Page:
Tag - Google Calendar
Please consider this a sequel to a previous Pointers about Syncing Google and Apple Calendars. Please consider it a relief, too, as we wrote that article to help us figure out a problem and now that problem has been taken away from us. We no longer have to juggle both calendars and the first new event we added afterwards was a party to celebrate this fact. You can juggle both, you may well need to and that previous Pointers will tell you how, but the short version is that mixing two of anything is terrible.
Last week Pointers covered scratching an itch that had come up for us: the need for certain people to see our calendars despite their being on Google and our being on Apple Calendar. The short version is that you can do it but it's a bit fiddly and involved a workaround. It turns out, though, that we need a longer version because all that worked fine when these people were in our group company Google Calendar. Now the people who needs to see it the most are not: they're remote workers and what they really require is to have our calendar appear alongside their own.
Sometimes, Apple's automatic updating of apps is handy because there are versions you know you ought to have, but you'll get around to it later, or when they add something big. Google Calendar 1.1.0 for iPhone is not a big update. It's a good one, but it's not compelling. It's also still on iPhone alone, not iPad, which is a curious omission.
Alexa, the virtual assistant that forms part of the Amazon Echo network-connected speaker, has been upgraded to allow it to read Google Calendar events. Android Central reports Alexa can now be linked to the user's Calendar and will respond to queries about it, such as "Alexa, what's on my calendar?" and "When is my next event?" So far, it appears Alexa can only read appointments, not add new items, but this could be included in a future update of the device.
Be grateful for -- well, if not exactly small things, then things that could be bigger than they are. Google Calendar has finally landed on iOS, and if you use this calendar online, you should be running off to download this new app right now. For everyone else, it has promise. The key, killer feature of Google Calendar for iOS is that it is Google Calendar and it is on iOS: its very presence on the platform is a great thing. Beyond that, it is a good-looking app and it's quick to set up with your Google account.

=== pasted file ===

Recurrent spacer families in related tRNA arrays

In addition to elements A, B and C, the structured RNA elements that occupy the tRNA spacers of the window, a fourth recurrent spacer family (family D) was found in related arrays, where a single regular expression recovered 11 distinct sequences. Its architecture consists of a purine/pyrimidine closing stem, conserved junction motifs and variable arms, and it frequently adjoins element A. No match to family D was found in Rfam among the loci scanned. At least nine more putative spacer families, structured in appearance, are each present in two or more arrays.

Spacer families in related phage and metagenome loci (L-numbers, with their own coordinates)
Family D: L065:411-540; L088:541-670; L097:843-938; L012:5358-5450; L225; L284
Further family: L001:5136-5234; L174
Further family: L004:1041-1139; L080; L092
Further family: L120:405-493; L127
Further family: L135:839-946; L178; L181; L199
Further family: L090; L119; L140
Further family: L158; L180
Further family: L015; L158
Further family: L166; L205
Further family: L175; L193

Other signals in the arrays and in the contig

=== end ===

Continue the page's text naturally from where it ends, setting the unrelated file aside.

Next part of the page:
Google appears to be preparing to bring its Google Calendar app for iOS as a standalone app in the near future, featuring the Material Design language makeover the Android version got in November. Leaked screenshots (below) show that the app will emphasize shortcuts to Gmail, Maps and Photos, and offer side-by-side monthly and day overviews. In addition to integrated notification settings, the app also offers integrations with other Google services.
Free calendaring app Sunrise Calendar has received an update, capable of syncing schedule information from Google Calendar, iCloud and Exchange. Featuring timezone support, background sync and Facebook date integration, Sunrise aims to function as a consolidated day planner. Sunrise Calendar v2.5 includes a new search function, allowing for past or future events search by title, location and attendees.
Sunrise has released a major update of Sunrise Calendar, its popular iOS app. The title lets people merge iCloud, Facebook, and Google Calendar events into a single feed, as well as get notifications, weather forecasts, LinkedIn profiles, and Google Maps directions. Version 2.1 is the first to include a native iPad interface, and takes advantage of the extra screen space through new Week and Month views. The Week view is also accessible to iPhone users.
Google has finally allowed Gmail and Google Calendar users to download a copy of all data on the services. E-mails and messages from Gmail, along with appointments and other notices within Google Calendar, can now be requested and pulled from Google servers by users, providing an offline backup of their data as well as allowing it to be imported into other apps and services.
Google has released a beta version of Chrome 28 for Windows, Mac, Linux, and Android. The most significant change is in the Windows release, where a native notification center for apps and extensions has been turned on. These can include not only text and images, but optional actions such as making a phone call or sending email. Notifications can appear even when Chrome is closed. Google is promising Mac notifications "soon."